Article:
"Turkey is viewed as having the right leadership and found a balance for a modern, open, heavily Muslim economy," he said. Meanwhile, "the Philippines has been an increasing destination for lower-wage manufacturing and service industries with a heavily English-speaking population, which has continued to favor economic growth."
But the Philippines' small size also makes it "vulnerable" to China's slowdown, said Wojtek Zarzycki, chief investment officer at Optimal Investing.
He also said he would stay "very far away" from Chinese real estate. "The surprise rate cut by the Chinese central bank is not a pre-emptive move, and the amount of bad debt continues to grow at Chinese banks."
The worst-performing international mutual funds include ProFund UltraLatin America (UBPIX) and Direxion Monthly Latin America Bull 2X Fund (DXZLX) , leveraged vehicles that each lost around 24% for the quarter, according to Morningstar. J.P. Morgan India (JIDCX) stands among the worst performers in the India equity category, down about 7%.
Latin America is "highly exposed to the export of raw materials, which has been crimped due to lower commodity prices in general and a slowdown of China consumption growth," Kornitzer said. Read more: Money managers believe emerging markets will outperform.
Lackluster demand weighed on commodities and precious metals. Friday's market rally spurred hopes for a pickup in demand, boosting oil prices more than 9% and gold 3.3% on the day. Still, for the quarter, oil futures (CLQ2) were down 18%, while gold futures (GCQ2) shed 4%.
India, meanwhile, "has generally failed to keep up the progress of other BRICs despite relatively high overall GDP growth, mostly due to a stumbling bureaucratic and insular approach to development," Kornitzer said, referencing so-called BRIC countries Brazil, Russia, India and China.
And opportunities in India won't likely look up until the government takes significant action to "right the ship," Zarzycki said, adding that since such a move isn't likely in the short term, India "would not be a recommended destination to invest at this time.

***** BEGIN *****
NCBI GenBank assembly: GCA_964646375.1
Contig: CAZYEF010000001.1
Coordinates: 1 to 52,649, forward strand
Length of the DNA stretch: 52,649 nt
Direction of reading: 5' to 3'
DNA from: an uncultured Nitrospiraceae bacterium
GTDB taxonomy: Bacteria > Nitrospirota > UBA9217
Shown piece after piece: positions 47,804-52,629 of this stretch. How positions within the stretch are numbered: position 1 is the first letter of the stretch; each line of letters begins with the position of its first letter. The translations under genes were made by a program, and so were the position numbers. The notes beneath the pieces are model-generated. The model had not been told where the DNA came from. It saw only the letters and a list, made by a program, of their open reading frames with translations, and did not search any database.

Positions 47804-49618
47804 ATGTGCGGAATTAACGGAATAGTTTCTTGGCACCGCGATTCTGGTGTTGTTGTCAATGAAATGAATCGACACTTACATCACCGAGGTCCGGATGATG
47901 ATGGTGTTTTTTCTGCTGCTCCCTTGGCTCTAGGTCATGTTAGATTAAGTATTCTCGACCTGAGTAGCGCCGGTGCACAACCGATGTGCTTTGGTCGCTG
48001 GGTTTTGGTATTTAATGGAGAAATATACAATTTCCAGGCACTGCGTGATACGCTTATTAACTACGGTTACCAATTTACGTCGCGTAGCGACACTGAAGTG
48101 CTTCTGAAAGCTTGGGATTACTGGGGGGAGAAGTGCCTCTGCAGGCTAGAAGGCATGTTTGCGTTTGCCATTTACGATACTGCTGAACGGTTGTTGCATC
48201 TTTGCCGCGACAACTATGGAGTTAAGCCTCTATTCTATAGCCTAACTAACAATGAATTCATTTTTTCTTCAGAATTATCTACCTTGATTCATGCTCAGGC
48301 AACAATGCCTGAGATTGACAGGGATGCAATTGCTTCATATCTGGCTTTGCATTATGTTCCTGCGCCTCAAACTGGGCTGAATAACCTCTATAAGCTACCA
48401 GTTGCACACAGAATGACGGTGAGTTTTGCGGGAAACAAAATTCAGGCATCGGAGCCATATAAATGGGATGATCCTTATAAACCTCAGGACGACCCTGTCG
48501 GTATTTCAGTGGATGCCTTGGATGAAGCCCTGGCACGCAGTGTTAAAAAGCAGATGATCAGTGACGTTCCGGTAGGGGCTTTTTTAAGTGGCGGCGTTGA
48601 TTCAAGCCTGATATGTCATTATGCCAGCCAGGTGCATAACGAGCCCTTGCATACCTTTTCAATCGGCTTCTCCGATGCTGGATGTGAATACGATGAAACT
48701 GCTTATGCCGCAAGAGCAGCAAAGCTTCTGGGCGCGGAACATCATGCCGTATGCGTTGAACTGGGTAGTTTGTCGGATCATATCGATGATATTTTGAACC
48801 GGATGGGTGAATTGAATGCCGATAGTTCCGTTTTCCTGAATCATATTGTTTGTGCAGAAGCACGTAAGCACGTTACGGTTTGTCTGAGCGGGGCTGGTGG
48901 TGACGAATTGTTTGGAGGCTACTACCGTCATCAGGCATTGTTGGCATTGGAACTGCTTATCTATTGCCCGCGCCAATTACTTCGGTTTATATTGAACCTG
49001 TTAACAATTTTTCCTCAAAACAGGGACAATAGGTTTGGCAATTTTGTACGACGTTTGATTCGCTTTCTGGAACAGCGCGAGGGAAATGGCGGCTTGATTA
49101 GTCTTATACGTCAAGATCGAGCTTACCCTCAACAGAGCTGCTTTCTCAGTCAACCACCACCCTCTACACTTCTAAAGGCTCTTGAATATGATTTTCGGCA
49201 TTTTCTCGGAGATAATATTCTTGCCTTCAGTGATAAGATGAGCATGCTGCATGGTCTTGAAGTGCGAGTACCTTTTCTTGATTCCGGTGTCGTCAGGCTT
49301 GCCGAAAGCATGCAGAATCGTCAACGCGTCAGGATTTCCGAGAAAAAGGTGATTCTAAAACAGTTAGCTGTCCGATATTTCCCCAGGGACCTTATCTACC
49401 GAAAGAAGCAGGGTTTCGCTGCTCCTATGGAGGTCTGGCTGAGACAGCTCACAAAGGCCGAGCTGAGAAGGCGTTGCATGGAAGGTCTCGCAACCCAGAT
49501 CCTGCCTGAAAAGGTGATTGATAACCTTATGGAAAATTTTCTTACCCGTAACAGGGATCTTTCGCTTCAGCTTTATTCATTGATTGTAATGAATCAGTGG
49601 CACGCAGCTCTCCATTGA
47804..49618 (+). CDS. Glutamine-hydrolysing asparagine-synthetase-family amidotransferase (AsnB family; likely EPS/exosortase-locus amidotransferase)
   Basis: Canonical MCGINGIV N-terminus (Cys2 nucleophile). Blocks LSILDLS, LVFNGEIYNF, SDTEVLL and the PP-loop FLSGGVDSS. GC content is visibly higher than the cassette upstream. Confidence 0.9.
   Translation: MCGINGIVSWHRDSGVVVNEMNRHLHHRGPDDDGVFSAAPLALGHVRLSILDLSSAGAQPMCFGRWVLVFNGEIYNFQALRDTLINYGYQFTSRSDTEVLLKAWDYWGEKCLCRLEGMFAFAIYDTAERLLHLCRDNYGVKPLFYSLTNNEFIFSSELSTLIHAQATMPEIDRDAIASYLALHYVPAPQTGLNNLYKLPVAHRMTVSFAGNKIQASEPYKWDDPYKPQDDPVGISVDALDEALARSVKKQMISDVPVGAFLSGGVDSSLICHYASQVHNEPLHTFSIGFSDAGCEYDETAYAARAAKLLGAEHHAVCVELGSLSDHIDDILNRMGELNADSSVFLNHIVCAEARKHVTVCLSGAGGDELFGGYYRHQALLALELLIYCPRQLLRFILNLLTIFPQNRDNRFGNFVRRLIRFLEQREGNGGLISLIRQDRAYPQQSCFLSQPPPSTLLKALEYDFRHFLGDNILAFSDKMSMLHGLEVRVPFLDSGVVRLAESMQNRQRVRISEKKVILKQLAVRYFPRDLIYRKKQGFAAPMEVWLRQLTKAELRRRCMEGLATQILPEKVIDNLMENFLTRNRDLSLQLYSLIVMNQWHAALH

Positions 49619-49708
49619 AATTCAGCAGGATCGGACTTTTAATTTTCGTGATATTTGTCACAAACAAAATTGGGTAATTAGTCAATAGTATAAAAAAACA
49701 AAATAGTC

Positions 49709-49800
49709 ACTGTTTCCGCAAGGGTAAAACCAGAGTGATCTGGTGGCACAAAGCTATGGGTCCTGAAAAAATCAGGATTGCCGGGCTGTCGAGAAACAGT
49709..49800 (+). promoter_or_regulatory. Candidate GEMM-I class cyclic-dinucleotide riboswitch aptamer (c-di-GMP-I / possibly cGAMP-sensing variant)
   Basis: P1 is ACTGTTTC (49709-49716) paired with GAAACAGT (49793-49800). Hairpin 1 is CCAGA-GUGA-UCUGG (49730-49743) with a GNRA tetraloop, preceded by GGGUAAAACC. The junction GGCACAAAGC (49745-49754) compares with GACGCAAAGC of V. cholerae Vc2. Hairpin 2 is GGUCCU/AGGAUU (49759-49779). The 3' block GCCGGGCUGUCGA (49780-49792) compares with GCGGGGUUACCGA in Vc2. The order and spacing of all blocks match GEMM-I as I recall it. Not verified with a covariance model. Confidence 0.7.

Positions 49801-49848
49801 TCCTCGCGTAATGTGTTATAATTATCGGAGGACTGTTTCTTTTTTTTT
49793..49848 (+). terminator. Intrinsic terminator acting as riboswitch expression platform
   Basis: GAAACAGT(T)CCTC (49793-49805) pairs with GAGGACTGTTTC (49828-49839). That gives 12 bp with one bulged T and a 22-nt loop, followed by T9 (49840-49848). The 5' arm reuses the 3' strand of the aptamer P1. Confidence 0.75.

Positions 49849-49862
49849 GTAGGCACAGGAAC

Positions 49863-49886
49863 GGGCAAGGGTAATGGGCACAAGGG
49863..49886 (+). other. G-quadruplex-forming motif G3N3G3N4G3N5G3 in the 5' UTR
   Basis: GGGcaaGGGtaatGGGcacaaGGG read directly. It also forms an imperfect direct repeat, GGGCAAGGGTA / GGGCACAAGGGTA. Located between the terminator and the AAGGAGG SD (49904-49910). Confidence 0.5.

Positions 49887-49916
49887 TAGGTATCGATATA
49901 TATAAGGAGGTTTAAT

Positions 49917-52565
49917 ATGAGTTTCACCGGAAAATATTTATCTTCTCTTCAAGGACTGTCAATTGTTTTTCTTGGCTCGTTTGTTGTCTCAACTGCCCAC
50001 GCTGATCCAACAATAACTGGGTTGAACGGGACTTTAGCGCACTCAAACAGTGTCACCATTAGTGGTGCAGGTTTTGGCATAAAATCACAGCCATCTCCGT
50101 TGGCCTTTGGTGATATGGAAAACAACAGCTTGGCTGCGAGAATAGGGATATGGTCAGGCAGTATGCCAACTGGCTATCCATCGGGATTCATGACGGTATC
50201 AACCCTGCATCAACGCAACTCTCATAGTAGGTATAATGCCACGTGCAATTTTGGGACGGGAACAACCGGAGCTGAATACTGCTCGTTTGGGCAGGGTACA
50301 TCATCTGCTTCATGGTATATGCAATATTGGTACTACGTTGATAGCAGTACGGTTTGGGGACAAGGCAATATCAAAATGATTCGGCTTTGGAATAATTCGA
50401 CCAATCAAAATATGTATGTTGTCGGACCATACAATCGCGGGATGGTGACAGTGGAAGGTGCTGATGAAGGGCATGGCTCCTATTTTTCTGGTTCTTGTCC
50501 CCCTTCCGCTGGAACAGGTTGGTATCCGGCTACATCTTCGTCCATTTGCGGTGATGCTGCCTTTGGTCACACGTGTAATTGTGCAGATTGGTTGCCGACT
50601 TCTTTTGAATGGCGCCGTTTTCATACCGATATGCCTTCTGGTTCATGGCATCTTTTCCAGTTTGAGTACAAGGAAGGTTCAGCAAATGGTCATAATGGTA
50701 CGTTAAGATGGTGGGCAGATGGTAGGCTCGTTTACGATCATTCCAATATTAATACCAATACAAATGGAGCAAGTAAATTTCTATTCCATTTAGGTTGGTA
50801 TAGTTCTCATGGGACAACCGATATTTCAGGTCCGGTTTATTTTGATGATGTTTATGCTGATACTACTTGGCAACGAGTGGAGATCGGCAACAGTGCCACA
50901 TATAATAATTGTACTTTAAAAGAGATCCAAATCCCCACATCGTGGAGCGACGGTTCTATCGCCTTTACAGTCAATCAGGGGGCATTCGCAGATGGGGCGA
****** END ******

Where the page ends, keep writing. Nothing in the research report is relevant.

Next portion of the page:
"The notion that the BRICs are a mainstay of global growth has recently been tested," said Paul Herber, portfolio manager of Forward Frontier Strategy Fund (FRONX) , which is down about 8% over the past three months. "Across the board, these countries are showing signs of stress."
Growth in Brazil has been declining, and China has reduced its long-term-growth forecast, he noted. India's politicians are "completely dysfunctional," he said, and "the country is really straining under the burden of uncontrolled bureaucracy."
A look ahead
At the same time, developments in Europe have continued to rivet investors. Dim prospects for a definitive solution to the region's debt issues fuels pessimism about international-stock funds and drives investors to safer assets.
"The solution du jour to the Europe problems seems to be kick the can down the road instead of rip the Band-Aid off -- feel the pain now and then get better," said Tuttle of Tuttle Wealth Management. "This leads to a lot of news-based volatility and some large downturns."
Stateside investors should "avoid anything international" until the situation overseas stabilizes, he said. "If you are nimble, there will be some good countertrend opportunities to buy some big dips, but, for the typical investor, they are better off elsewhere."
Once international markets find their footing, according to managers, investors will be able to capitalize on an eventual recovery.
"International funds that are focused on energy and industrials will outperform over the longer term," said Robert Fuest, chief operating officer and head of investment research at Landor & Fuest Capital Managers LLC. "Funds focused on the needs of nations will continue to have companies they hold that outperform, such as food, water, infrastructure."
For now, however, global recovery hopes are pinned tightly to Europe.
Said Brad Sorensen, director of market and sector analysis at the Schwab Center for Financial Research: "It's hard to construct a scenario where investors get confident in equities and start to put money into the stock market until Europe decides what they're going to do.
"The market is not really interested in half-measures."